I can still remember Jim McKay’s famous tagline: “The thrill of victory and the agony of defeat.” It was an invitation to stop what I was doing and to watch the weekly edition of ABC’s Wide World of Sports. McKay’s famous words went full circle this past Saturday in the world of horse racing.
Trainer Francis Campitelli was enjoying the “thrill of victory’ as he watched Homeboykris cross the finish line in first place. A short time later, Campitelli’s thrill turned to agony as his horse collapsed and died while walking to the stable.
This sad incident lends credence to Solomon’s observation in Proverbs 27:24: “Riches are not forever, nor does a crown endure to all generations.”
If you know anything about horse racing, you should know that fame and fortune can be fleeting; it’s a dangerous sport that is prone to deadly accidents. In 2012, the New York Times reported that each week 24 horses had died on racetracks from 2009 to 2012.
I doubt the Apostle Paul was thinking of horse racing when he spoke of the uncertainties of life; however, his statement is interesting: “Tell those who are rich in this age not to be arrogant and not to place their confidence in anything as uncertain as riches. Instead, let them place their confidence in God, who lavishly provides us with everything for our enjoyment (I Timothy 6:17).”
Paul’s words to Timothy were no aggrandizement of the truth; they were based on a statement that Jesus had made: “First and most importantly seek (aim at, strive after) His kingdom and His righteousness [His way of doing and being right—the attitude and character of God], and all these things will be given to you also (Matthew 6:33 ~Amplified Bible).”
I’ll close with Eugene Peterson’s paraphrase of Jesus’ logic: “If God gives such attention to the appearance of wildflowers — most of which are never even seen — don’t you think he’ll attend to you, take pride in you, do his best for you (The Message)?”
After he met with a sex abuse survivor group on Sunday morning, Pope Francis addressed a group of 300 bishops: “It continues to be on my mind that the people who had the responsibility to take care of these tender ones, violated that trust and caused them great pain, and God weeps.”
Another report from last week focused on a culture of corruption that the U.S. Military is reluctant to confront. According to an article in the New York Times, “Rampant sexual abuse of children has long been a problem in Afghanistan, particularly among armed commanders who dominate much of the rural landscape and can bully the population. The practice is called bacha bazi, literally ‘boy play,’ and American soldiers and Marines have been instructed not to intervene — in some cases, not even when their Afghan allies have abused boys on military bases.”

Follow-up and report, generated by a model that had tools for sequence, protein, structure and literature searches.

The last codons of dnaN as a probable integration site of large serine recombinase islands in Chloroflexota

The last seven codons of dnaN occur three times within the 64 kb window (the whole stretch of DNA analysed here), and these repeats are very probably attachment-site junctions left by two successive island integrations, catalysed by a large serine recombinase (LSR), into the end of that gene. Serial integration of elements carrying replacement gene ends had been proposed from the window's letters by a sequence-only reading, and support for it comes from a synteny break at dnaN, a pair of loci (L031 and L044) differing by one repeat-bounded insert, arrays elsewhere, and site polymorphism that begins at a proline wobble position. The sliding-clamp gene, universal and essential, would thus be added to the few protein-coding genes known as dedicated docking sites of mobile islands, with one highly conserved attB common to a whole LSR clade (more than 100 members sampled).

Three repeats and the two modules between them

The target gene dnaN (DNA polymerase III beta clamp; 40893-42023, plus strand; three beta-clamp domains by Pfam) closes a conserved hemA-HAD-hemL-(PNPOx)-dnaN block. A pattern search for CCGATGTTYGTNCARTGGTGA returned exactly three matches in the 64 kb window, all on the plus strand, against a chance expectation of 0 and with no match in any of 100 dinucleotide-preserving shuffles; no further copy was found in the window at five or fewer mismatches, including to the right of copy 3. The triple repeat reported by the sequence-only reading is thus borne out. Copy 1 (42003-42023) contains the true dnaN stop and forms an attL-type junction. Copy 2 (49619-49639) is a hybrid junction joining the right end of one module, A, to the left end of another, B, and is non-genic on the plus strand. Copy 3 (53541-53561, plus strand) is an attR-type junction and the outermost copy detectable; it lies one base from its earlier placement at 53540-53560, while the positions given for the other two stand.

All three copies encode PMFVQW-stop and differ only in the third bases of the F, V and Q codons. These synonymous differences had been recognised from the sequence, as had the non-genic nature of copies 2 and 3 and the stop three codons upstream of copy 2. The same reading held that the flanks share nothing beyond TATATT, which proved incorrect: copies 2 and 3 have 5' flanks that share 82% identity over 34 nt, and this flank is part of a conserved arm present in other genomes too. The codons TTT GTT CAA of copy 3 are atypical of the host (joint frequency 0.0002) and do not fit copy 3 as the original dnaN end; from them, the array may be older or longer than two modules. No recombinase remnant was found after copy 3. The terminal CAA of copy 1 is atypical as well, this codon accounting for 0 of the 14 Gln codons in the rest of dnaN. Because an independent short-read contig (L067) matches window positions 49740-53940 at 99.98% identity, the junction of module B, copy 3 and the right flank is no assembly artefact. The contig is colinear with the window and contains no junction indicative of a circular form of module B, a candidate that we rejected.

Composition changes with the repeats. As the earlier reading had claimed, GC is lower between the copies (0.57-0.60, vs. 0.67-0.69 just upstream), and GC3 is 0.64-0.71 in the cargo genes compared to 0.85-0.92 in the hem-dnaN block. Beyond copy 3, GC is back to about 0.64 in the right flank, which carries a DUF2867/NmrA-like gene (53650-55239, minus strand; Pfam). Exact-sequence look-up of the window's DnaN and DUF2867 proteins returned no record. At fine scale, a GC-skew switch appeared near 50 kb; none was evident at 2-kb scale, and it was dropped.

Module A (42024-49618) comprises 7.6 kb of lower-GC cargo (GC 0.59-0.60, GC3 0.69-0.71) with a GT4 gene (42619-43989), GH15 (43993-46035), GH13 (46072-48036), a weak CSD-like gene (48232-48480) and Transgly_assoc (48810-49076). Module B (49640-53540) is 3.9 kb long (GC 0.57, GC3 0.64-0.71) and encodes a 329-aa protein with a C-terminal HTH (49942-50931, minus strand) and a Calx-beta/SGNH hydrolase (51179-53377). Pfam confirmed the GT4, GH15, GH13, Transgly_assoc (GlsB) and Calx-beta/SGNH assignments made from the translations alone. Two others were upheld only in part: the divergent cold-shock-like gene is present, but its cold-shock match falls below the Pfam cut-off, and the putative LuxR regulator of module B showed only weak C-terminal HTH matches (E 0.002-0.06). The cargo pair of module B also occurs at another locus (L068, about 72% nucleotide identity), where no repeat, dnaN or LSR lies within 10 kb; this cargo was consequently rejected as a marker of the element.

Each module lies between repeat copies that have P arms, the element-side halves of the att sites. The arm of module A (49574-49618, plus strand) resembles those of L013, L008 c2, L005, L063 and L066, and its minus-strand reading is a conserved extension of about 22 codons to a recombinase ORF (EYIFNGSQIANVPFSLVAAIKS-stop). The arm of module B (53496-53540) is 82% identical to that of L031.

When some of our military have intervened, their careers haven been jeopardized. Captain Dan Quinn, a former member of the Army Special Forces, gave an American-backed militia commander a thrashing for keeping a boy chained to his bed as a sex slave.
Quinn isn’t the only soldier to be punished. Because Sgt. First Class Charles Martland helped Captain Quinn the Army is trying to forcibly retire him.
Even if “boy play” is culturally permitted and a sign of status in some parts of the Middle East, it doesn’t take much sense to know that it’s morally reprehensible. Whether it’s in the USA, Afghanistan, Russia, or China, people would do well to recognize the love of Jesus for children:
Unless you are converted and become like children, you will not enter the kingdom of heaven. Whoever then humbles himself as this child, he is the greatest in the kingdom of heaven. And whoever receives one such child in My name receives Me; but whoever causes one of these little ones who believe in Me to stumble, it would be better for him to have a heavy millstone hung around his neck, and to be drowned in the depth of the sea. ~Matthew 18